The U.N. war crimes tribunal in The Hague on Thursday overturned the conviction of a Bosnian Muslim wartime commander for failing to stop the murder of Serbs near the enclave of Srebrenica early in the 1992-95 conflict.
The court found the case had not been proven against Naser Oric, a hero for many Bosnian Muslims for leading the defence of the town which was later overrun by Bosnian Serbs who killed 8,000 people.
Oric had been originally handed a two-year prison sentence in 2006, but was immediately released since he had been in custody since 2003.
“I am happy, of course,” he said after the verdict was announced. “I’ve never believed that Muslims committed crimes in Srebrenica. People under total siege were fighting only to survive.”
The killing in July 1995 of some 8,000 Muslim men and boys by Bosnian Serb forces in the eastern town was Europe’s worst atrocity since World War Two. Serbs say 3,263 of their own people had earlier been killed by forces under Oric’s command.
The tribunal’s appeals chamber said it had no doubt grave crimes were committed against Serbs in two detention facilities in Srebrenica between September 1992 and March 1993.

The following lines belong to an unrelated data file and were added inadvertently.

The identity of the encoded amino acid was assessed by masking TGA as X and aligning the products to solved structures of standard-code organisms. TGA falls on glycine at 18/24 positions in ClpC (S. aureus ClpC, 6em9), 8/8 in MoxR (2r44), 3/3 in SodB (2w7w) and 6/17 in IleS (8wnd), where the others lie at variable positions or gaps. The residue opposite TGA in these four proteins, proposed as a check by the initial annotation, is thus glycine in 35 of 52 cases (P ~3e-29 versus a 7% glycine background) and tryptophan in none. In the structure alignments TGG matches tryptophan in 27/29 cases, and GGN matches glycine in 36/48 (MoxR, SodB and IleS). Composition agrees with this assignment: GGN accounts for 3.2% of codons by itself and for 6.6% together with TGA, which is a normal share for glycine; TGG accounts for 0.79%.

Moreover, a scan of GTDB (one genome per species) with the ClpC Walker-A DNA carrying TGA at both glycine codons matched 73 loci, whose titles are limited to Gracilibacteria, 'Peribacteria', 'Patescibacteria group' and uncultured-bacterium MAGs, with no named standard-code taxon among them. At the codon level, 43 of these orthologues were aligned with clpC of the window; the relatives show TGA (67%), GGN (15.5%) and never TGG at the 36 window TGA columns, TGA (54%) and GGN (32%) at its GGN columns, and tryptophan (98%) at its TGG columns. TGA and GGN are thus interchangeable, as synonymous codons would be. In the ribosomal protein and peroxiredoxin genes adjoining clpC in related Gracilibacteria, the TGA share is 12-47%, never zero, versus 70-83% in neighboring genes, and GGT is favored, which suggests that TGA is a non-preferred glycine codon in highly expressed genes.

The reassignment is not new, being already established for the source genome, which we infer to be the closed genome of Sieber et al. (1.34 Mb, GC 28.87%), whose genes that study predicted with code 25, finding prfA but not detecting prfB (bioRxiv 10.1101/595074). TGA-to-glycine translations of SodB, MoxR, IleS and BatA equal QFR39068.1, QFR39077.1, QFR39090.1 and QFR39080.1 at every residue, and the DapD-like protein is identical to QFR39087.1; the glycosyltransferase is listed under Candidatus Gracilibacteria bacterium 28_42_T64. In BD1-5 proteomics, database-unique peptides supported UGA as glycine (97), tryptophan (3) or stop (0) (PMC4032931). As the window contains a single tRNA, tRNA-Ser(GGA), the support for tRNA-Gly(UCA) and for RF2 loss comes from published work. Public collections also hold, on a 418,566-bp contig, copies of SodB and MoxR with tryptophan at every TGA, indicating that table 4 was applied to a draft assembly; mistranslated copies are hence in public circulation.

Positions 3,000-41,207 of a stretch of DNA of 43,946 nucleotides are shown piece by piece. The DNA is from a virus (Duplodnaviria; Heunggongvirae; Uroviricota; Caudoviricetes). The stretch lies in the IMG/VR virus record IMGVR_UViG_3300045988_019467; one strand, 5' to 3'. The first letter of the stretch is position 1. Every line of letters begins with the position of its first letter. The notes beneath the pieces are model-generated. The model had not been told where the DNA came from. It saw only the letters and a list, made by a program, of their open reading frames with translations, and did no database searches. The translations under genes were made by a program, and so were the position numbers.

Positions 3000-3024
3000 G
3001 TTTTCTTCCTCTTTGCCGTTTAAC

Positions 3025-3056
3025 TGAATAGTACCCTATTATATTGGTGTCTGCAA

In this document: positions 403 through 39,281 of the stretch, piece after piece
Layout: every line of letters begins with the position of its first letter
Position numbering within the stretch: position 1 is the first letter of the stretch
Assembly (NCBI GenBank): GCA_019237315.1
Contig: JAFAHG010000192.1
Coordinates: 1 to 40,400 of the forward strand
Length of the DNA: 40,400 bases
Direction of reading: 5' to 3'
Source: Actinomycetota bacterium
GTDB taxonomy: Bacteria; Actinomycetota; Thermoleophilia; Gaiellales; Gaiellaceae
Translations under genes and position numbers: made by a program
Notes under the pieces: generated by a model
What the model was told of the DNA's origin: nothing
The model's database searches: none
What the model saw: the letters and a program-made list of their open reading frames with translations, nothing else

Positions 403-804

“However, proof that crimes have occurred is not sufficient to sustain a conviction of an individual for these crimes,” the court said.
“Criminal proceedings require evidence establishing beyond reasonable doubt that the accused is individually responsible for a crime before a conviction can be entered.”
When Oric was sentenced in 2006, Serbian politicians and media denounced the light sentence as a mockery of justice.
On Thursday, Serbian officials said the ruling undermined the credibility of the court and was a blow to international law.
“A verdict like this does not help the process of reconciliation in ex-Yugoslavia, which is one of the tribunal’s main goals,” said Serbia’s top body for cooperation with The Hague. (Niclas Mika)